10-Apr-2023 -- As I was in the area promoting GIS at Lehigh University, Harrisburg Area Community College, and giving the keynote address at the Pennsylvania GIS conference, and as those events were, like the confluence project, focused on geotechnologies, space, and place, a confluence visit seemed like the perfect capstone to such a week. The only day I could do this was on the first day of my trip, one which began on the red-eye, arriving in Philadelphia at 6:00am and then to State College, home of Penn State University, by 9:00am. I attended some wonderful sessions at the Pennsylvania GIS conference, networked with colleagues, ascertained where my keynote address would take place, and then taught a 2-hour online workshop for Caltech University. Once all that was done, it was just after midafternoon. This was the time when I could make a dash for the confluence.
This was the closest confluence to State College that I had not visited. I had most of the others in central Pennsylvania visited over the past 20 years. Earlier in my map research, I had discarded the notion of parking along I-80 and scaling whatever fence might be off to the north for several reasons: Safety, and the steep slope to the north off the highway being the primary reasons. Thus I approached the point from the north and northeast. I arrived in the vicinity by exiting the I-80 highway at Snow Shoe, which is a great place name, and driving west to near where a ATV/cross-country ski trail crosses State Highway 144. I had a bit of a challenge determining which small road to take--Bumbarger Road, the ATV trail, or a lane. Finally I determined that the lane was the right one to take. A short distance to the southwest, the lane ended in a truly massive gravel parking lot. Did this many trees need to be cleared? Was the lot ever full of cars for ATVers and skiers? I did not know, but there was only 1 truck with a camper trailer and myself there on the afternoon of my visit. Hoping my car would be OK leaving it there, and wary of a dog barking insistently in the distance, I took off at a fast walk south on the trail, just after 5:00pm local time.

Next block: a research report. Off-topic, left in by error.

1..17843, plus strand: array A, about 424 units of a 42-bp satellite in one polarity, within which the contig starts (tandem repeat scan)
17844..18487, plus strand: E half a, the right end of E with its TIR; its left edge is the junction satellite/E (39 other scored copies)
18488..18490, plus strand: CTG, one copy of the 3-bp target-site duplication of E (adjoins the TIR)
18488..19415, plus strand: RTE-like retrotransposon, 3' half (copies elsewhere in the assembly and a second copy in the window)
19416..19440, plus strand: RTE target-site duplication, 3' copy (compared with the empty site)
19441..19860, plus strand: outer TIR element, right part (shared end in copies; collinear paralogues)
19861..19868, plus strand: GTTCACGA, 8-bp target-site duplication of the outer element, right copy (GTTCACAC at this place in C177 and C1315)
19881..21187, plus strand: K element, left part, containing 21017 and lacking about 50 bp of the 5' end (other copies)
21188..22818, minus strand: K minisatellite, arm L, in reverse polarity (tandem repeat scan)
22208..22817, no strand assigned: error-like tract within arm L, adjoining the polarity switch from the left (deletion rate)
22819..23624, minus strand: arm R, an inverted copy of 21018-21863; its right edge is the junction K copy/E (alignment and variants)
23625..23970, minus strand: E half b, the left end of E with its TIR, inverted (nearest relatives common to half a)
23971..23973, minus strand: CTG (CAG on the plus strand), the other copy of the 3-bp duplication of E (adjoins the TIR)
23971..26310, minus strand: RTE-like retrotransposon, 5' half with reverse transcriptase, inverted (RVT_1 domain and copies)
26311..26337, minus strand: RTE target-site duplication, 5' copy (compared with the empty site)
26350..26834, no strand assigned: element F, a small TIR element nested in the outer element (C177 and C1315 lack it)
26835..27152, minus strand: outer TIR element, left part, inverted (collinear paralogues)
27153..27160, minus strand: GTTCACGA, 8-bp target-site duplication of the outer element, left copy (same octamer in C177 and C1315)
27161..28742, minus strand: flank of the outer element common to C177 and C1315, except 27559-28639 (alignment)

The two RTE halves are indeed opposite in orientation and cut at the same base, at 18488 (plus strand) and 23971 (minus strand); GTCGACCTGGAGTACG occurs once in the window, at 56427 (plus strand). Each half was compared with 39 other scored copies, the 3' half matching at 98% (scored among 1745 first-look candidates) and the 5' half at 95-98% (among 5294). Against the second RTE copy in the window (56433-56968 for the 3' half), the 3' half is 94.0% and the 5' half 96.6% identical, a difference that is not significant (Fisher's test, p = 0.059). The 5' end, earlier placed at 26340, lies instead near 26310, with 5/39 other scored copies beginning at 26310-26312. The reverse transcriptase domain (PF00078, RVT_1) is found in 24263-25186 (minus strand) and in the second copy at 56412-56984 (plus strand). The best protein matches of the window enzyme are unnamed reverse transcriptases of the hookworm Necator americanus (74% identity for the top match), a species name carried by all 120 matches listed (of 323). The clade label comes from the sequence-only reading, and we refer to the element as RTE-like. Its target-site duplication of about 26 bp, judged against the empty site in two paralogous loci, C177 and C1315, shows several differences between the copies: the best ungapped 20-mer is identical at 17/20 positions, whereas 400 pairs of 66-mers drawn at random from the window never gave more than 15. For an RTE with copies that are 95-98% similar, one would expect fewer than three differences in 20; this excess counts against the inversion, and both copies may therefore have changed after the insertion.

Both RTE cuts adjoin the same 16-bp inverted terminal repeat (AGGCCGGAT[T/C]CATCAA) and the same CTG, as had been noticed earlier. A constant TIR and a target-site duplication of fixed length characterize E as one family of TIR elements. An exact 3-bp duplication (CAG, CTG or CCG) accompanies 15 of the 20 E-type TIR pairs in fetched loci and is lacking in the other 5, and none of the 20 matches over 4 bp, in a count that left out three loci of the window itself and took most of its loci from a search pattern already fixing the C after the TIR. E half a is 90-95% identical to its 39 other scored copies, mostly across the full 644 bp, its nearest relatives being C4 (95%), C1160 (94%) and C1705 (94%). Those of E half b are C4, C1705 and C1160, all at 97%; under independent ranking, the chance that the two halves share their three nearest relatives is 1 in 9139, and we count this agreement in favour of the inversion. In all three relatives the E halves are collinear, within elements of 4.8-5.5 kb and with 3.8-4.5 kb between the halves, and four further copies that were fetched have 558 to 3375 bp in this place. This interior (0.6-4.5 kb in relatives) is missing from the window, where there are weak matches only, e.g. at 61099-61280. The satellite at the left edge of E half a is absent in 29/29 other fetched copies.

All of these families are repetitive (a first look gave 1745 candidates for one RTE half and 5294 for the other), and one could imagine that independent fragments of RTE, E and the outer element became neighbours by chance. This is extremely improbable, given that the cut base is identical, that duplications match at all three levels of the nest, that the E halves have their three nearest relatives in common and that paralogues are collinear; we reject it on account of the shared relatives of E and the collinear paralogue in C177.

I had thought I could make it a bit closer in a vehicle to this point, but resigned myself to a long walk. I had been up all night on the airplane flight to Pennsylvania and was a bit weary: I needed to wake up at 5:00am to make it to Lehigh University the following day. I checked my fitness app Runkeeper: I had only walked 1/2 mile in 10 minutes. Would I have enough energy or daylight left to do the whole trek? I debated turning around and driving to this point, but then decided to forge on. Fortunately it was one of the warmest days thus far in 2023, with a temperature nearly 70 F here in late afternoon. I could not walk as fast as I would have liked owing to the sharp cobbles and stones in the trail; I was wary of twisting an ankle having already stumbled within the first five minutes of the hike.
After 20 minutes, I came to the point where a regular roadway ended at the ATV trail. Again I debated--should I walk back, retrieve the vehicle, and drive to this point? In the end I decided that leaving the vehicle where it was would make for a safer place, even though the walk would be longer. After another 10 minutes, I came to a place where the trail was chiseled into hard Pennsylvania stone, and I knew I was on an old railroad grade. When a short time later the trail was high above the surrounding terrain on fill dirt, that confirmed my suspicions. It was at this time when an ATV carrying two young men passed me heading north. The trail then wound upward and to the southwest, down the embankment where I-80, above me, was clearly audible. There were some places on the trail free of stones which allowed me to increase to about a 3.8 mph pace. After another area chiseled into the rock, I passed a beautiful waterfall signed as Laurel Falls.